PART B: WHY THE SUCKINESS OF BILLABLE HOURS IS MORE LIKELY TO DRIVE WOMEN THAN MEN AWAY FROM LAW FIRMS
The billable hour model often requires even the most efficient lawyers to work around the clock, on weekends, and on holidays. If you are inefficient or have a blog that you spend time on, God help you. Both male and female associates suffer under this regime, but it is more likely to drive female associates away for a number of reasons.
A) For various cultural reasons, women often are reluctant to engage in self-promotion, a fact I noted in the previous post. Since billable hours is sometimes about estimating how much time you spend on a project, women are at a disadvantage because they are more inclined to underestimate how much time they spent. When I first started billing, I often found myself thinking, "I know I timed my work on this motion at 8 hours, but I can't believe that this work could have taken me that long, so I'll just put down 4." I self-edited my time both consciously and, I think, unconsciously. After I got favorable results on a few summary judgment motions and in my first civil jury trial, I found that I was more confident in my work and therefore more inclined to bill for all my time, but I still struggle with this issue. I suspect men tend to be more likely to think well enough of themselves to bill all their time.
B) Women are operating under both internalized and externalized expectations that they will be the primary caretakers for their children. It is (I imagine) awfully difficult (if not impossible) to work around the clock, including holidays and weekends, when you are the primary caretaker for a young child.
C) Even if you are splitting childcare duties 50-50 with your spouse, it is (I imagine) awfully difficult (if not impossible) to work around the clock, including holidays and weekends, and take care of a child. Women generally can expect at best a 50-50 arrangement with a spouse and even that is not good enough if you are a lawyer at a major law firm. Men who have a 50-50 arrangement with a spouse for childcare are in the same boat. BUT the thing is that there are always going to be men with wives who take on ALL of the household and childcare responsibilities, whereas there will rarely be women who have husbands who take on ALL of the household and childcare responsibilties. So the people most likely to succeed in a law firm are the childless, or people (almost always men) who have spouses fully dedicated to childcare.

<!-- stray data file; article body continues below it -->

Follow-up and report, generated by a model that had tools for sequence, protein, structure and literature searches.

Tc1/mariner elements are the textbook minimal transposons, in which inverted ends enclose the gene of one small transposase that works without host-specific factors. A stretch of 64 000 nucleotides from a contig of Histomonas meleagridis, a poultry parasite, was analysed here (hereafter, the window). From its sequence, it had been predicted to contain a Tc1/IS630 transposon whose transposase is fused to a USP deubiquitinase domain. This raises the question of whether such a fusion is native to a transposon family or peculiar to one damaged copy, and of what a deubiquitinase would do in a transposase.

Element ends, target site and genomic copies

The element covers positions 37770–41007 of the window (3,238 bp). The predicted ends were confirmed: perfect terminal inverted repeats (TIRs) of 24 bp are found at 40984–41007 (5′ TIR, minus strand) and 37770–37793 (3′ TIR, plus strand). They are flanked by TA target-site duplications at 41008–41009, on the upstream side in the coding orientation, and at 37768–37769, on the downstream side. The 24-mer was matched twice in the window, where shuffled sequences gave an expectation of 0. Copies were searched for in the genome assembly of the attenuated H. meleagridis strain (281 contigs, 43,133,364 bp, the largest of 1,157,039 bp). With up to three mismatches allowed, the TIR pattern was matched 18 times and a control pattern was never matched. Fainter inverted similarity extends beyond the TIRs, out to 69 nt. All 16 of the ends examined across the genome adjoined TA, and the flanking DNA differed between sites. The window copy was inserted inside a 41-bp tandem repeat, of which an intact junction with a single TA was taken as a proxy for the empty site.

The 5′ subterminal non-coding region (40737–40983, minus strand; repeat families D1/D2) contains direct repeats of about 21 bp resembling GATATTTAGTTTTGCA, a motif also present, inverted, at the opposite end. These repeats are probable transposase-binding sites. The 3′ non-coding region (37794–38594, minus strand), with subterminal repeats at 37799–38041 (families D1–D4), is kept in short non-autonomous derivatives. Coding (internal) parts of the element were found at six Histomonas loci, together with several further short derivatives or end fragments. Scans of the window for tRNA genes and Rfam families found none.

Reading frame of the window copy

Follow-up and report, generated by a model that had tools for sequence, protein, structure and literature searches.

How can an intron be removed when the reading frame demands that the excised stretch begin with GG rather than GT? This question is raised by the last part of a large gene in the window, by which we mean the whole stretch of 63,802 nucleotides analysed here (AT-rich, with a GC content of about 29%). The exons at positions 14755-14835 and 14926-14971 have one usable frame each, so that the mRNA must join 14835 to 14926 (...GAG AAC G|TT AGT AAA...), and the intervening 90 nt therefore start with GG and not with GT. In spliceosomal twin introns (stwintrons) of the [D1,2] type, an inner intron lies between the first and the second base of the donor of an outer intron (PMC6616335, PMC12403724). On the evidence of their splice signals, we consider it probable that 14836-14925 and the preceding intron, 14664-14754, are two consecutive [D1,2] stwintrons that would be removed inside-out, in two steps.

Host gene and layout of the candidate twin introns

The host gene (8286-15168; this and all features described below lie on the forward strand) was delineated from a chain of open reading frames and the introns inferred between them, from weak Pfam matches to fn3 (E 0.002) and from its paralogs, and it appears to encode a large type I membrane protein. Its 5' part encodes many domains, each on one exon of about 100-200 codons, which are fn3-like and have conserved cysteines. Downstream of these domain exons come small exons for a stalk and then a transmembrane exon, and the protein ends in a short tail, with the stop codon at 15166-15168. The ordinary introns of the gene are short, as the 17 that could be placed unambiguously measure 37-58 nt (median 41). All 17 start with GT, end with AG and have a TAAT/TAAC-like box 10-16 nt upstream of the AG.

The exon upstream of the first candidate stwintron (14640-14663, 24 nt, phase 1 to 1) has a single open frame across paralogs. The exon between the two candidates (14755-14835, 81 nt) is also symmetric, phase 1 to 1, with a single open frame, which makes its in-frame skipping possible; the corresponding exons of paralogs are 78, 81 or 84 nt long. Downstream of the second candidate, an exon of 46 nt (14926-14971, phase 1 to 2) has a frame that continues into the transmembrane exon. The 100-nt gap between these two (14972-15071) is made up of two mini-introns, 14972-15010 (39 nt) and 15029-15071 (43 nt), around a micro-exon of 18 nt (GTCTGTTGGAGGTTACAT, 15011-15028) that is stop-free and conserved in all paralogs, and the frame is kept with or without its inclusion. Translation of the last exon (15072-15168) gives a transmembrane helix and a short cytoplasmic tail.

D) A lot, if not most lawyers, I know at large-ish law firms are absolutely miserable. As one lawyer in the New York Times article noted, "They don't like being part of a billable hour-production unit. They want more meaning out of their lives than that." This goes for both men and women. The problem is that it is a lot more socially acceptable for women to leave either to stay home with children or to take a less lucrative and time consuming position in the public sector or elsewhere. Men are still under this incredible pressure to stick it out in order to be "providers" and take in the greatest possible income that they can. For lawyers, the greatest possible income is usually the income one earns at a large law firm.
PART C: IF LAW FIRM LIFE SUCKS SO BADLY, WHY DOES IT MATTER THAT WOMEN ARE LEAVING?
There are potentially enormous rewards to rising through the ranks in a law firm. These include not only the healthy income, but also the opportunities to exercise considerable influence over the profession of law (although I wish the major law firms would band together and do something about this horrid billable hour issue), and to take on fascinating, complex and high-stakes cases. As one of the women partners quoted in the article stated, "I have found my legal work and public service enormously satisfying, and I would never want to be without that . . . I truly believe that lawyers make a huge difference in society and I think it's a loss when women decide to leave firms."
The problem is that these enormous rewards are often simply not worth the misery of the billable hour regimen, especially for people who have families.